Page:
Arterial stiffening is a risk factor for cardiovascular disease, but how arteries stay supple and how arterial stiffness contributes to disease are unknown. Our preliminary studies show that arterial elasticity is maintained by Apo lipoprotein E (apoE) and apoE-containing HDL through a suppressive effect on the expression of extracellular matrix genes. ApoE interrupts a mechanically driven feed-forward loop that increases the expression of collagen-I, fibronectin, and lysyl oxidase in response to substratum stiffening. These effects are independent of the apoE lipid-binding domain. Arterial stiffness is increased in apoE-null mice, this stiffening can be reduced by administration of the lysyl oxidase inhibitor, BAPN, and BAPN treatment attenuates atherosclerosis despite highly elevated cholesterol. Macrophage abundance in lesions is reduced by BAPN in vivo, and monocyte/macrophage adhesion is reduced by substratum softening in vitro. Mechanistically, we show that apoE and apoE-containing HDL inhibit Rho-GTP activity and reduce intracellular force in VSMCs. These changes in VSMC mechanics then affect ECM gene expression. Finally, we show that in addition to regulating (fibrillar) collagen-I, apoE and apoE-HDL inhibit the expression of collagen-VIII, a non-fibrillar collagen that has profound effects on VSMC function and atherosclerosis, yet is largely unexplored in terms of its mechanical properties and mechanistic effects. Overall, our data describe a completely new role for apoE and apoE-HDL that is independent of plasma cholesterol levels, intimately connected to cell and tissue mechanobiology, and causally linked to protection from atherosclerosis. We now propose three specific aims to characterize the relationships between apoE, intracellular force, matrix remodeling, and protection from atherosclerosis.
In Aim 1, we will use a new micro fabrication platform of VSMC micro-tissues to study the effect of collagen-VIII on Rho-activity, contractility, ECM gene expression, and tissues stiffness in 3D. We will also use this system to determine how collagen-VIII controls the mechanical response to apoE. These in vitro studies will be complemented with an ex vivo analysis of arterial stiffness in apoE+/+ and apoE-/- arteries isolated from WT and collagen-VIII deficient mice.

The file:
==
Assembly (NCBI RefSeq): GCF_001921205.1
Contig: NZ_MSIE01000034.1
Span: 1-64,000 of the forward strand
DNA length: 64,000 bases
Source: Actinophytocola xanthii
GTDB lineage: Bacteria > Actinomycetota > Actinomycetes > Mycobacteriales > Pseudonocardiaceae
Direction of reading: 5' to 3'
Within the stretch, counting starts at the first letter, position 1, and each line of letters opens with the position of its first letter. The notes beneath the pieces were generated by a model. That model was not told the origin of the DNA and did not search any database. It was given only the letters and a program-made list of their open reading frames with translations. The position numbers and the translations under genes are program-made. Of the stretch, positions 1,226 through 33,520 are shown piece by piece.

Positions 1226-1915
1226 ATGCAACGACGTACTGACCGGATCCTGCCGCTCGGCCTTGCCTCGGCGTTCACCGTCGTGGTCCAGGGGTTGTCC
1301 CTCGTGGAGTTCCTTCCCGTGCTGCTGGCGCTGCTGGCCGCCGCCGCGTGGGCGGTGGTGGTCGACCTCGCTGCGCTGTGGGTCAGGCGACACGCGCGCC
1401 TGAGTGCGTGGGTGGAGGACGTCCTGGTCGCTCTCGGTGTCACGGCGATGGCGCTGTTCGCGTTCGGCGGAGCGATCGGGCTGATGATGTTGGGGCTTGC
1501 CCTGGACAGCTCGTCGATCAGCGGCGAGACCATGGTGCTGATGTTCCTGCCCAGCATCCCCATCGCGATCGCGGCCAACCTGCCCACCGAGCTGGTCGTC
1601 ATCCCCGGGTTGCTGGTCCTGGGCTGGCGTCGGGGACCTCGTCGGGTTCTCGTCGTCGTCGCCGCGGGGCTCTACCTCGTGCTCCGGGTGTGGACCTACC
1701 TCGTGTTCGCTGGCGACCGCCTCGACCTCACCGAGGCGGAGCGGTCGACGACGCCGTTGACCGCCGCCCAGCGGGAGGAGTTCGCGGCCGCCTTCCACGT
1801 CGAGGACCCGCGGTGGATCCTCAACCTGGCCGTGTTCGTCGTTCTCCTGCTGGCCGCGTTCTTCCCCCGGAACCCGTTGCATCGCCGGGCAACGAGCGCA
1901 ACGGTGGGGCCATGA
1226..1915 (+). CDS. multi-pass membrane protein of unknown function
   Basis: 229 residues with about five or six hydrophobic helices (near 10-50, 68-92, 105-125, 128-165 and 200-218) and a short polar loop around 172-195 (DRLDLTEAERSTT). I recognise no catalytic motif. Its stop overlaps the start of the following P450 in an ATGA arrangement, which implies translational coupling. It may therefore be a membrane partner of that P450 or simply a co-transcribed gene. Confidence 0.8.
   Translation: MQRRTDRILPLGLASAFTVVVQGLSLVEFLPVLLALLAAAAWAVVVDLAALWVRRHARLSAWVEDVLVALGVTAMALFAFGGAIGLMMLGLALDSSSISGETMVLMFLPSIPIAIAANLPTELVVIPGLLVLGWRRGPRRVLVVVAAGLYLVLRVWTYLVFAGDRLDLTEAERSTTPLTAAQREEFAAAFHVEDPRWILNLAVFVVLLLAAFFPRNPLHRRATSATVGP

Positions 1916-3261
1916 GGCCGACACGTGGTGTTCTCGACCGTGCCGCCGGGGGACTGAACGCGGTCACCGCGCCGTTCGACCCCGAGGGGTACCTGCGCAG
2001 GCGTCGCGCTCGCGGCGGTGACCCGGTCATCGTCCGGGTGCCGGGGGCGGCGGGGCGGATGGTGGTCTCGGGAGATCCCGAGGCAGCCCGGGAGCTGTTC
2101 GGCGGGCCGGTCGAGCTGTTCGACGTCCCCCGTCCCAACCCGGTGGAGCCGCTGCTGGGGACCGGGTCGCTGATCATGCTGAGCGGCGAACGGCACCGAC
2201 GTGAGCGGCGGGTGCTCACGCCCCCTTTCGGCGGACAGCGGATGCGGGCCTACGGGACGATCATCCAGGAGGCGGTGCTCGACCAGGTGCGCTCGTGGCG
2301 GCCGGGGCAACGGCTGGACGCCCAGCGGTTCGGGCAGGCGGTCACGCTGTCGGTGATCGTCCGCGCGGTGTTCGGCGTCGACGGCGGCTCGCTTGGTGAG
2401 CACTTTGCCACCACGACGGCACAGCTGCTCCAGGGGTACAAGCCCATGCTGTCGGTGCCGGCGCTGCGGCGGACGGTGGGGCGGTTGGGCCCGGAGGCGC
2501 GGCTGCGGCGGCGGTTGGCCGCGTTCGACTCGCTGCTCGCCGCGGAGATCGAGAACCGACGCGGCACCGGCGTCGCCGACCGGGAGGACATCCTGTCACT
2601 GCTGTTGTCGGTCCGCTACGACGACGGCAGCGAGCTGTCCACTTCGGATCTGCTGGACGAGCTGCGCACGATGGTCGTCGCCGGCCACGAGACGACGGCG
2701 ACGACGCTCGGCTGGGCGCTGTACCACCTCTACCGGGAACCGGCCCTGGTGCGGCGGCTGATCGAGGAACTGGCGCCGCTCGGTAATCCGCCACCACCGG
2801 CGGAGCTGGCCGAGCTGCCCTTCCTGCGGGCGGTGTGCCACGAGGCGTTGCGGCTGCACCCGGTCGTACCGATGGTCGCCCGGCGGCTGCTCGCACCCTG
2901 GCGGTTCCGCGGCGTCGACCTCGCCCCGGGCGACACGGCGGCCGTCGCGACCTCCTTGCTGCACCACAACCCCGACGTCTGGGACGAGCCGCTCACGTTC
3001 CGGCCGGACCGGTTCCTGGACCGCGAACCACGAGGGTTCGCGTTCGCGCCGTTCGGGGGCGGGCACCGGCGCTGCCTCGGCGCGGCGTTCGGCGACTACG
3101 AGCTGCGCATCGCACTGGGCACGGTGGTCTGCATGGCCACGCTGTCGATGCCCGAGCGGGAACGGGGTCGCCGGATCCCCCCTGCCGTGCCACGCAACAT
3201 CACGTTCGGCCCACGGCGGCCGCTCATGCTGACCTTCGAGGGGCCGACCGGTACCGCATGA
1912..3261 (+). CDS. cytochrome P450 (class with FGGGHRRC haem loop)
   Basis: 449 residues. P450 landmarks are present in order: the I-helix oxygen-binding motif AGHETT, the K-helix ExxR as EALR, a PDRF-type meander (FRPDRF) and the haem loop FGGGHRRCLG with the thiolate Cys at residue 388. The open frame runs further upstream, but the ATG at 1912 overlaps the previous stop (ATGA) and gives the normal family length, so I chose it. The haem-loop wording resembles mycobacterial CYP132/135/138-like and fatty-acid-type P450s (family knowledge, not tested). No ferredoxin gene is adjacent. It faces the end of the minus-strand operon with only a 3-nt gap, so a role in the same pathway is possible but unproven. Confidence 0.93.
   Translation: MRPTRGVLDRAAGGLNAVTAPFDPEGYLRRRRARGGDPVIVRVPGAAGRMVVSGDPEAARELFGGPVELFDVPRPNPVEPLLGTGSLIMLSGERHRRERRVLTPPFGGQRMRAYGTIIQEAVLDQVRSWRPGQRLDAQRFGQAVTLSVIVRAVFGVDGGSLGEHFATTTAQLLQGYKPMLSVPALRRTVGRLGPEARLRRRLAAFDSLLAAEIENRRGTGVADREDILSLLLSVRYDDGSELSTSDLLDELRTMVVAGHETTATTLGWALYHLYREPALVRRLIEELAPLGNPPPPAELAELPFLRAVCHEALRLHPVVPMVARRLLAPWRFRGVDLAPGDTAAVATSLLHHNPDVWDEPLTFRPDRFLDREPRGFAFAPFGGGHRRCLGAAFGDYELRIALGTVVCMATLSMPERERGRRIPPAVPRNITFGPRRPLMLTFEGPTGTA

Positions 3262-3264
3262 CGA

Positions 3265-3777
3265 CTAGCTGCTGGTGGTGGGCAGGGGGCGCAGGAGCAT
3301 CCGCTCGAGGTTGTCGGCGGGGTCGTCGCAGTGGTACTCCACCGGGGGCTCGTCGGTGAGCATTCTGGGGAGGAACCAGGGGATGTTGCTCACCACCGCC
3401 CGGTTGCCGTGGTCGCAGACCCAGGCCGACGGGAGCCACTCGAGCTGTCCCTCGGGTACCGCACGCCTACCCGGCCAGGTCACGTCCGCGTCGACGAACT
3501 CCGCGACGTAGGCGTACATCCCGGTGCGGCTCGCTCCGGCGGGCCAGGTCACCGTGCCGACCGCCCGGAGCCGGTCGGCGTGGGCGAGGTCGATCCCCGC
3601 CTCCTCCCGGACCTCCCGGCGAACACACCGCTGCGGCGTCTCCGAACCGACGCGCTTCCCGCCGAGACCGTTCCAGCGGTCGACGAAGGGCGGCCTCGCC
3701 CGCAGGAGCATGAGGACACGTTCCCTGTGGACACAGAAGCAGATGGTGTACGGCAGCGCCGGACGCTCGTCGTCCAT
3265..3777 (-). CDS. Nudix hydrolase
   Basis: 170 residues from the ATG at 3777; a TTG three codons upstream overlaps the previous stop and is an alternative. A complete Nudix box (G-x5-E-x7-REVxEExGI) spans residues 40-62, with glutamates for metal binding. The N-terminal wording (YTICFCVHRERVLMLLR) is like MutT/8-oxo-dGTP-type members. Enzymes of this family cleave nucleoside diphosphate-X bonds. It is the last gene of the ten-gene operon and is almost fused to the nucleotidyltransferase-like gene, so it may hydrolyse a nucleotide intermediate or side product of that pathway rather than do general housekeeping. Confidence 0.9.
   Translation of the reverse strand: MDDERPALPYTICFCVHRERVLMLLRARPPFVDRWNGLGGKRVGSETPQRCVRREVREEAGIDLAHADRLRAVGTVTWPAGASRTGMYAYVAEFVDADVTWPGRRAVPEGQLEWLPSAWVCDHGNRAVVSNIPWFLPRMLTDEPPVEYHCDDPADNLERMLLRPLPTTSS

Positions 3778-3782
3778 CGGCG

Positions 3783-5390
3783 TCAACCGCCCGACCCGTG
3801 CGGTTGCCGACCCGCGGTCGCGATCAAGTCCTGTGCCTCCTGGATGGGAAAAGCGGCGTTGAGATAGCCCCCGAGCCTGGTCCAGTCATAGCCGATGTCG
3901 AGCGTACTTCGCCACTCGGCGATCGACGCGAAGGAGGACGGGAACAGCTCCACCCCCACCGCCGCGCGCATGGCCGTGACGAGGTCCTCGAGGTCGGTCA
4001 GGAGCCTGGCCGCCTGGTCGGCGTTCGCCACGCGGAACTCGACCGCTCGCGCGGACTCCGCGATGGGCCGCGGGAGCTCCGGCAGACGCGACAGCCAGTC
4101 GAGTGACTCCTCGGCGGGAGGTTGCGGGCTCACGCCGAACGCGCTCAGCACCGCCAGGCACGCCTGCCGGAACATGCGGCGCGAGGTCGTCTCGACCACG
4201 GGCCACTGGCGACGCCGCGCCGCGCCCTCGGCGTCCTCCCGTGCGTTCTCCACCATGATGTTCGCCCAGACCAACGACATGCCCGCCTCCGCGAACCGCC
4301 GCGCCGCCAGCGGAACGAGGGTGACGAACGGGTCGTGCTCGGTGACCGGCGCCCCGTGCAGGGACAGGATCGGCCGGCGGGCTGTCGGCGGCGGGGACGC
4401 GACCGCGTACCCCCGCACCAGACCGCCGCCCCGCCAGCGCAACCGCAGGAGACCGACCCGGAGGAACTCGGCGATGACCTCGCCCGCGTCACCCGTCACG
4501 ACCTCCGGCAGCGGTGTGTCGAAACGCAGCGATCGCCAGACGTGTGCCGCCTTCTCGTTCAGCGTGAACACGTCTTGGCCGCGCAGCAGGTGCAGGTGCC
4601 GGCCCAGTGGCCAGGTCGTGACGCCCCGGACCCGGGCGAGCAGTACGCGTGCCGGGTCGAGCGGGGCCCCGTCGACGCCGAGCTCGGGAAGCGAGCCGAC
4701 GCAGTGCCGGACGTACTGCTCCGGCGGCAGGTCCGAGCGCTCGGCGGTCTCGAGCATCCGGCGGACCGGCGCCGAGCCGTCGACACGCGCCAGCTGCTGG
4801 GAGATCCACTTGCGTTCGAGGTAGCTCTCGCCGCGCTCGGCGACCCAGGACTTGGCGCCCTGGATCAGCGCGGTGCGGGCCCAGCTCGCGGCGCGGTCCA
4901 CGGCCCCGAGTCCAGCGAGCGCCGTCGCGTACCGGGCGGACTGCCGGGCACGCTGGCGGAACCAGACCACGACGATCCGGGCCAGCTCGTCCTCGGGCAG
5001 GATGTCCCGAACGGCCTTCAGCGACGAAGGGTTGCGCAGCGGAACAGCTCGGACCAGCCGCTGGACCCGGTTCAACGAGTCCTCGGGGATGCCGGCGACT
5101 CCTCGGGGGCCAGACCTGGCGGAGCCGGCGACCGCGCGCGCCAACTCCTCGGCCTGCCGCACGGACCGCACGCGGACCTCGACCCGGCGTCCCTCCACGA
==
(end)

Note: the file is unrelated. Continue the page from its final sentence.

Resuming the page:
In Aim 2, we examine the mechanism by which stiffness controls atherosclerotic lesion development, with the particular goal of identifyin mechano-sensitive adhesion receptors that account for stiffness-dependent attachment of monocytes and macrophages to sub endothelial ECM protein. As in Aim 1, complementary in vivo experiments with existing mouse models will test the effect of arterial stiffness on monocyte abundance in vivo.
Aim 3 will link the results in the first two aims by developing a new mouse model that can delete RhoA from VSMCs and establish the effect of reduced intracellular force on ECM gene expression, arterial stiffness, and atherosclerosis in vivo. This work brings together a team of three PI's (Assoian, Chen and Bendeck) with complementary expertise and an established track record of co- publication who, jointly, will establish how this novel regulatin of the ECM and VSMC mechanics by apoE provides cholesterol-independent protection against cardiovascular disease.
Arterial stiffening is a cholesterol-independent risk factor for cardiovascular disease, but what keeps arteries supple is unknown. Our data show that arterial elasticity is maintained by Apo lipoprotein E (apoE) and the subspecies of HDL containing apoE. We propose that this new effect of apoE reflects its ability to regulate intracellular forces in smooth muscle cells, which in turn controls the synthesis and composition of the extracellular matrix in arteries. This application has the goal of understanding how changes in smooth muscle cell forces and arterial stiffness affect atherosclerosis.